You're probably thinking I've made up this bloke's name but no, he's an actual person. So, what's up with Mr Scroggins? Well, he's been giving Christians a bad name.
Actually, that's Dr Scroggins to you; he has a Phd from New Mexico State University and he's an Associate Professor in Management in the College of Business Administration at Missouri State University. He is a resident of a small town called Republic in Greene County, Missouri. As such, he raised a complaint last year with the School Board of the Republic High School about three books which he considers contain material - language, storylines, characterisations - which is 'contrary to what The Bible teaches'. The School Board has duly considered the matter and have 'banned' two of the books: Twenty Boy Summer by Sarah Ockler and Slaughterhouse Five by Kurt Vonnegut. The ban means that these books won't be part of the curriculum at the school, nor will they be stocked in the school library. Students can of course still get the books elsewhere either from a public library or from Amazon, but if they have them in school or cite them as 'independent reading' then students must have a letter from their parents giving permission.
I haven't read Twenty Boy Summer, but by all accounts, it seems to be quite relevant for teenage Americans as it deals with peer pressure, relationships, loyalty, and the death of someone close. Sarah Ockler has responded publicly to point out how dumb this 'ban' is and the Vonnegut estate has responded by offering free copies of Slaughterhouse Five to students of Republic High School.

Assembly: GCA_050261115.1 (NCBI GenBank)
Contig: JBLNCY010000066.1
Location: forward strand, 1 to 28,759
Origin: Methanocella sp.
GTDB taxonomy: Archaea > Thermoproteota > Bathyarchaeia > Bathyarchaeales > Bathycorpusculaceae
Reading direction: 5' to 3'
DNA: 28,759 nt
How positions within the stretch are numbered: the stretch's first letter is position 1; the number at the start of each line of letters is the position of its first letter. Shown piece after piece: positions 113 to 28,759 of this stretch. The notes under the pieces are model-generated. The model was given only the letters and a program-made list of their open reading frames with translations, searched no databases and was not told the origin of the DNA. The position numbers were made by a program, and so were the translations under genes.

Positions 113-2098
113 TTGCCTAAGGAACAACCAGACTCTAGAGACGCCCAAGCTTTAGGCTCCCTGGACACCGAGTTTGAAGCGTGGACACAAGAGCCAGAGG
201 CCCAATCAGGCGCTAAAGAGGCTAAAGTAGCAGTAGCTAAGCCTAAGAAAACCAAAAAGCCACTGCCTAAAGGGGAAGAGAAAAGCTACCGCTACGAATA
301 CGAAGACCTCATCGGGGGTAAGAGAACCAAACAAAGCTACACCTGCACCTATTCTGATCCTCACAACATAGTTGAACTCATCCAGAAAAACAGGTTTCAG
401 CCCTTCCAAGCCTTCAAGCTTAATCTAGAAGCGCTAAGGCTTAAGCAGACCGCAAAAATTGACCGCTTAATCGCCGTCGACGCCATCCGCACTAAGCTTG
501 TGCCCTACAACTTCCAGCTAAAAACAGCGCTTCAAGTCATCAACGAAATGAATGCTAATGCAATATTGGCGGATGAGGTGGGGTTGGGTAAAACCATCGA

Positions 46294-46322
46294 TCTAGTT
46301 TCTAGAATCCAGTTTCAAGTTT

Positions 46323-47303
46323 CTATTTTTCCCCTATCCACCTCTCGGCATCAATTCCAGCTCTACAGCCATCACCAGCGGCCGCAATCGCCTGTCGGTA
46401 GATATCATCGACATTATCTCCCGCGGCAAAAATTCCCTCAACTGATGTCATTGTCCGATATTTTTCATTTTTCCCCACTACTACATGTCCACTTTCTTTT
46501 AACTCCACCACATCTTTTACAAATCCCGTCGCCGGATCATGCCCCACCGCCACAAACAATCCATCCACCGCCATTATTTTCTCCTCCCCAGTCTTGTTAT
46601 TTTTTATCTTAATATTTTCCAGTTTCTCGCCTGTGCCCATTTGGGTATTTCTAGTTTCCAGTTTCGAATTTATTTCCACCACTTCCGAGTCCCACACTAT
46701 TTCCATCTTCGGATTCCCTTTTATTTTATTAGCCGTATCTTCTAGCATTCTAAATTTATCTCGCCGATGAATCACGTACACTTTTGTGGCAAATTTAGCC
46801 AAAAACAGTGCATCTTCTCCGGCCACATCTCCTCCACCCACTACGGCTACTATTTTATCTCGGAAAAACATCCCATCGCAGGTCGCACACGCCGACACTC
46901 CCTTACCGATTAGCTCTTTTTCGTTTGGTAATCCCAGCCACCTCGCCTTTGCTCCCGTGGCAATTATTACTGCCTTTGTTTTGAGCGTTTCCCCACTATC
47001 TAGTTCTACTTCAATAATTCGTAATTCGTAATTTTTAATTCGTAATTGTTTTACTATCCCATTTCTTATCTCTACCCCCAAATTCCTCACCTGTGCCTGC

Slaughterhouse Five is one of the best books of the 20th century and is very moral indeed, highlighting the futility of war and pointing out that 'good guys' often do bad things. If Kurt Vonnegut were alive to hear of this 'ban', I expect he would be laughing his socks off. Especially as the Bible itself contains many tales of rape, slaughter, treachery, adultery and so forth - some of it sanctioned or initiated by the main protagonist himself: 'God'... However, it does not feature a race of aliens from Tralfamadore or a central character, an optometrist called Billy Pilgrim, who is lost in time. Or Kilgore Trout, more's the pity.
Scroggins is another of these American idiots who fail to grasp that under their much-vaunted constitution, church and state are separate. What the Bible, or any other holy book, teaches should not therefore be a consideration when it comes to determining the school curriculum. And when you think of the quantity and variety of different interpretations of exactly what it is that the Bible, or any other holy book, might teach, it's just as well.
I haven't been able to confirm this but, as I understand it, Scroggins does not actually have any children at the Republic High School. In which case it's none of his business anyway. Ho hum.